List of Past LMA/CARMA Seminars : 01-Sep-2005 to 31-Dec-2005

Date:   Wednesday 03-Aug-2005
Speaker:   Dr. Jave Kane, Lawrence Livermore National Laboratory
Title:   Structure of Molecular Clouds - Observations and Modeling

Date:   Tuesday 13-Sep-2005
Speaker:   Dr. Rob Swaters, University of Maryland
Title:   The Dark Side of Matter in Disk Galaxies

Date:   Tuesday 27-Sep-2005
Speaker:   Dr. Andrew Youdin, Princeton University
Title:  Gravitational Collapse of Solids in a Turbulent Gas Disk: Not Your Father's Planetesimals

The formation of planetesimals, solids greater than a kilometer, will be addressed. Purely collisional growth of planetesimals from mm-sized grains faces several fundamental obstacles. As an appealing alternative, collective instabilities driven by self-gravity might gather small solids into planetesimals. Stirring by turbulence is thought to prevent such gravitational instabilities (GI). We show that when dissipation by gas drag is taken into account, GI persists even in the presence of moderately strong turbulence. Dissipative GI produces growth times and wavelengths longer than traditional dynamical collapse. Applications to the asteroid belt and mm-wave observations will be discussed.

Date:   Tuesday 04-Oct-2005
Speaker:   Dr. Ben Zuckerman, UCLA
Title:   High-Resolution Infrared Imaging of Extrasolar Planets

Date:   Tuesday 11-Oct-2005
Speaker:   Dr. Bengt-Goran Andersson, Johns Hopkins University
Title:   Dust Grains and Magnetic Fields: Considerations in Making Optical Polarimetry Quantitative

Date:   Tuesday 25-Oct-2005
Speaker:   Dr. Duilia de Mello, NASA Goddard
Title:  Census of the star-forming galaxy population at intermediate redshifts

A key question in galaxy evolution is the physical nature of the intermediate redshift galaxies and their present-day counterparts. It is known that the star formation rate density increases rapidly from z=0 to z=1-2. However, the type of galaxies that contribute to the rise of the star formation density is still debatable. In principle, a steep luminosity function where most of the star formation is in newly-formed dwarf galaxies or a population of massive galaxies undergoing modest but continuous star formation can produce similar star formation rate density at a given redshift. Therefore, a census of the star-forming galaxy population as a function of time is needed in order to help us better understand how galaxies acquired their present morphology. In this talk, I will discuss the physical properties of a sample of UV-bright galaxies at intermediate redshifts which was compiled using GOODS/ACS data and the deepest U-band images ever obtained with HST using WFPC2 as part of the parallel observations of the UDF. I will conclude by showing that galaxies of all types, sizes and shapes are forming stars at intermediate z.

Date:   Tuesday 08-Nov-2005
Speaker:   Dr. Dieter Lutz, MPE Garching
Title:   High-redshift infrared galaxies: Spitzer and millimeter views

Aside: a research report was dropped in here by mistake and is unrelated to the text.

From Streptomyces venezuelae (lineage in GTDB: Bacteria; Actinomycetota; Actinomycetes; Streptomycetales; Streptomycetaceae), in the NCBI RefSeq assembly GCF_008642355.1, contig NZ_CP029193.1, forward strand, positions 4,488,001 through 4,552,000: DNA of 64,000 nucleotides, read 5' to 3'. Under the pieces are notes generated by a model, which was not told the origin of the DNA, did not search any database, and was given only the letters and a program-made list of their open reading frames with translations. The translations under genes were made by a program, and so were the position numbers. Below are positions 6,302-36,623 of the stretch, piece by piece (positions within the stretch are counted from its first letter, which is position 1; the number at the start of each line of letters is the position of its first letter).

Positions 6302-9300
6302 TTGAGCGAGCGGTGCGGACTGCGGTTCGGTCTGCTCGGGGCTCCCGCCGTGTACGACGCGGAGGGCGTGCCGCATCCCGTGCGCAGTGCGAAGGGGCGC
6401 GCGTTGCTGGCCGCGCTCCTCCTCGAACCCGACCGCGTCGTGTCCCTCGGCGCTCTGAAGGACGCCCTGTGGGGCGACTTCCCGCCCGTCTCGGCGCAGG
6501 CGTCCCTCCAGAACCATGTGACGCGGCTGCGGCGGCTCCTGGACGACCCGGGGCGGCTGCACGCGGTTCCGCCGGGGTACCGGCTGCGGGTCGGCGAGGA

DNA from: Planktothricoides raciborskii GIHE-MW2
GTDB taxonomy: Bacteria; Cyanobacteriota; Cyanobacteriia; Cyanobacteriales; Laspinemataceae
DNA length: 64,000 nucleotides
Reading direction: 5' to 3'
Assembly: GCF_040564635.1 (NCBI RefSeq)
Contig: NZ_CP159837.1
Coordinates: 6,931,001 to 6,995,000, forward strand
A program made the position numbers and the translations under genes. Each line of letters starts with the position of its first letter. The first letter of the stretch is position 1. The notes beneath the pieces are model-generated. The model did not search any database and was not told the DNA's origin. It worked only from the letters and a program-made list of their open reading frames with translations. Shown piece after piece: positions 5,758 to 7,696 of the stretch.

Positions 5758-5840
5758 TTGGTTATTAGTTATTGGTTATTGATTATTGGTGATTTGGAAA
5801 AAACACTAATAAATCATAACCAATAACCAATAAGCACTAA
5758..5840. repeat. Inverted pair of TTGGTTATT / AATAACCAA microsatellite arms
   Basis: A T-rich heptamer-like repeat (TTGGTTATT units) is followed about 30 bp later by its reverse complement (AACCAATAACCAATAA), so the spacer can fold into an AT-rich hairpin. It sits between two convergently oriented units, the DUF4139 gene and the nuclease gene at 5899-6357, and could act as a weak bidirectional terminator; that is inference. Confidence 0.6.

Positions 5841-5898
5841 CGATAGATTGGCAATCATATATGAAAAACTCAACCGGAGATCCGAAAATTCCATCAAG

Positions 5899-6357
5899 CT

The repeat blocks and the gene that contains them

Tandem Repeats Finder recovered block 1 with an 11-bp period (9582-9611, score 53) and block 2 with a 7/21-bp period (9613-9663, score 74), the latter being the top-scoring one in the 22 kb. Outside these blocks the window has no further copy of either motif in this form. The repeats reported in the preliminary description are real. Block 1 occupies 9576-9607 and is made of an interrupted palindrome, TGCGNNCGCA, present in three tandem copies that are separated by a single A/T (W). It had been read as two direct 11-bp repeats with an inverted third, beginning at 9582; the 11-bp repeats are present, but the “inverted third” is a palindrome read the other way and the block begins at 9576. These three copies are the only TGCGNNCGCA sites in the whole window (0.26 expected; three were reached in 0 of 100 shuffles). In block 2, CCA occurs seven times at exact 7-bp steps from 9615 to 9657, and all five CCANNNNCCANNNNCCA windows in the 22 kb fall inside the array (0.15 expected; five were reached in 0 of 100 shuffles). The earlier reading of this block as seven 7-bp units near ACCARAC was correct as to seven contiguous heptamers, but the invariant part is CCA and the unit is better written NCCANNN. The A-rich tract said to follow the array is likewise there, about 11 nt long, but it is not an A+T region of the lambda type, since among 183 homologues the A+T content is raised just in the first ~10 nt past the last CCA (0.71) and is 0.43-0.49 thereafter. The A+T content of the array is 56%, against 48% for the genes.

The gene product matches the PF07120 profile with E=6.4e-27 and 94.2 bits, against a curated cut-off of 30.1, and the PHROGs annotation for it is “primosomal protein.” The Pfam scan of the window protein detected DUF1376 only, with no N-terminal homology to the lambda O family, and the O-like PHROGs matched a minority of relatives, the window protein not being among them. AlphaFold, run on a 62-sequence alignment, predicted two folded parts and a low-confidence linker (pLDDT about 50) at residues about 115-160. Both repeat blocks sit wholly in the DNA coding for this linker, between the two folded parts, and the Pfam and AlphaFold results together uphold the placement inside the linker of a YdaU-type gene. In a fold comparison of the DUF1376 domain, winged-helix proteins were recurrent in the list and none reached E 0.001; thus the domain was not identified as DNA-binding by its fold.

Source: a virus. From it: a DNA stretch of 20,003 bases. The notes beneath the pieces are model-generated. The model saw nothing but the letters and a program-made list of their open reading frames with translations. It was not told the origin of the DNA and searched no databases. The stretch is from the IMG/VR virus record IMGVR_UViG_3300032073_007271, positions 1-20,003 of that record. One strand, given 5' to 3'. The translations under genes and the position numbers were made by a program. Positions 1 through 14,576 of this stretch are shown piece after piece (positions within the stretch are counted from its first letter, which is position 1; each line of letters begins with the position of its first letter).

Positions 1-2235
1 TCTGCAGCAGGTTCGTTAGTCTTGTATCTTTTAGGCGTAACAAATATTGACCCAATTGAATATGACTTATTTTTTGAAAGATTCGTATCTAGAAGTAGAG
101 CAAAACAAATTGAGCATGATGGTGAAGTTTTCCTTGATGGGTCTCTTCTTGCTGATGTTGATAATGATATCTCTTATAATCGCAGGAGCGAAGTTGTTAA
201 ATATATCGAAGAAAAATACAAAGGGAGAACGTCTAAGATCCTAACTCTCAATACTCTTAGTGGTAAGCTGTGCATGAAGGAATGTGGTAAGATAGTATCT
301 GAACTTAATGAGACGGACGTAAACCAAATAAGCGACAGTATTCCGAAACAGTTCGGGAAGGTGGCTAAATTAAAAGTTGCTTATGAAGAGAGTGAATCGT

Date:   Tuesday 22-Nov-2005
Speaker:   Kalliopi Dasyra, MPE Garching
Title:  The evolution of local ULIRGs and their relation to QSOs from NIR spectroscopy

We are conducting an ESO VLT Large Program to study the dynamical evolution of local Ultraluminous Infrared Galaxies (ULIRGs). We have obtained near-IR ISAAC spectra of 54 ULIRGs at various merger timescales and derived their kinematics by measuring the stellar dispersion and rotational velocity along the slits. The kinematics of the (early-phase) binary ULIRGs indicate that ultraluminous luminosities are usually (but not necessarily) generated by mergers of almost equal-mass galaxies. By comparing the binary- to the single-system kinematics, dynamical heating of the merging hosts is observed, as the stellar dispersion increases with time. Placing ULIRGs on the fundamental plane of early-type galaxies shows that they form intermediate mass ellipticals. The black hole masses of the merged sources, calculated from their relation to the host dispersions, are of the order 10^7-10^8 M_sun. To investigate whether ULIRGs go through a QSO phase during their late-stage evolution, we have acquired ISAAC data for 12 local Palomar-Green QSOs. The dispersions of the IR bright QSOs of our sample are similar to those of ULIRGs, impying comparable black hole and host masses. Their Eddington efficiencies are high and their stellar populations indicate that they have undergone recent starbursts (Canalizo & Stockton 2001). Unlike the IR-bright, the (few) optically selected sources have a larger scatter in their kinematical properties; for these we will expand our work to obtain further spectroscopic data in the future.

Date:   Tuesday 06-Dec-2005
Speaker:   Tom Troland, University of Kentucky
Title:  Massive Star Formation in the Galaxy: The Anatomies of Two Magnetized Star-Forming Regions

The Orion region (500 pc) is the nearest and best studied locale of massive star formation. The NGC 6334 region (1700 pc) has also been well studied. However, VLA studies of these two regions reveal new details of their structures, including the roles of magnetic fields within them. For example, magnetic fields may dominate the energetics of the thin veil of neutral material lying directly in front of the Orion Nebula. If so, the Orion veil is the only magnetically dominated region known in the ISM. Magnetic fields also play an important, although not dominant role in the molecular cloud NGC 6334A. And the anatomy of this H+ region/molecular cloud is apparently quite different from that previously assumed.

This page was automatically generated on: 03-Apr-2018.